Author ORCID Identifier

Date Available


Year of Publication


Degree Name

Doctor of Philosophy (PhD)

Document Type

Doctoral Dissertation


Arts and Sciences



First Advisor

Dr. Mark Fillmore


Impulsivity, tolerance to alcohol-induced motor impairment, and high sensitivity to alcohol-induced disinhibition each have empirical support as markers of alcohol-related problems. However, research on alcohol response and personality-based markers of risk have remained largely independent lines of research. This dissertation examined how individual differences in these well-established markers may interact to additively contribute to heavy drinking.

Participants were 96 young adults (21-33 years old). with no history of AUD. They self-reported their drinking habits over the prior 90 days, and behavioral tasks measuring disinhibition and motor impairment were administered on two separate days following two alcohol doses (active [0.65 g/kg] and placebo [0.0 g/kg]).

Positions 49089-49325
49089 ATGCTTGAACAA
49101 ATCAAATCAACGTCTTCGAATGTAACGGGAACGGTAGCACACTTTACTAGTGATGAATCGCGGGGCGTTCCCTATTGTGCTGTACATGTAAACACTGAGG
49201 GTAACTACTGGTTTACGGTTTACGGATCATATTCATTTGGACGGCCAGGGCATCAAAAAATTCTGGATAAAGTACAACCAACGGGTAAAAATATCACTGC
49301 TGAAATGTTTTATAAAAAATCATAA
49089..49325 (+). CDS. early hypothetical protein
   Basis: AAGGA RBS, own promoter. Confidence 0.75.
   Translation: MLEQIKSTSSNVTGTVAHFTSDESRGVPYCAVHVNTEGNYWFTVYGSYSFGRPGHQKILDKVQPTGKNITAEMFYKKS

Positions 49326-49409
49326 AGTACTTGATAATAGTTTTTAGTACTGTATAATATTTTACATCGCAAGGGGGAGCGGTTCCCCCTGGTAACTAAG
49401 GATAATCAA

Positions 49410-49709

Alcohol impaired performance on both tasks relative to the placebo dose, and participants showed acute tolerance to alcohol-induced motor impairment but not to its disinhibiting effect. Trait impulsivity and motor tolerance served as strong stand-alone markers of heavy drinking. More frequent binge drinking was marked by two combinations of markers (1) high trait impulsivity and low sensitivity to alcohol-induced motor impairment and, (2) low sensitivity to motor impairment and high sensitivity to alcohol-induced disinhibition. A combination of tolerance to motor impairment and high disinhibition predicted binge drinking even in the absence trait impulsivity. So, although high motor impairment following alcohol is often associated negative outcomes, these findings suggest it may actually serve as a protective factor against excessive drinking, even among highly impulsive individuals and those highly disinhibited by the drug.

Digital Object Identifier (DOI)

Funding Information

This study was supported by the National Institute on Alcohol Abuse and Alcoholism (National Institutes of Health) T32 Grant, AA027488.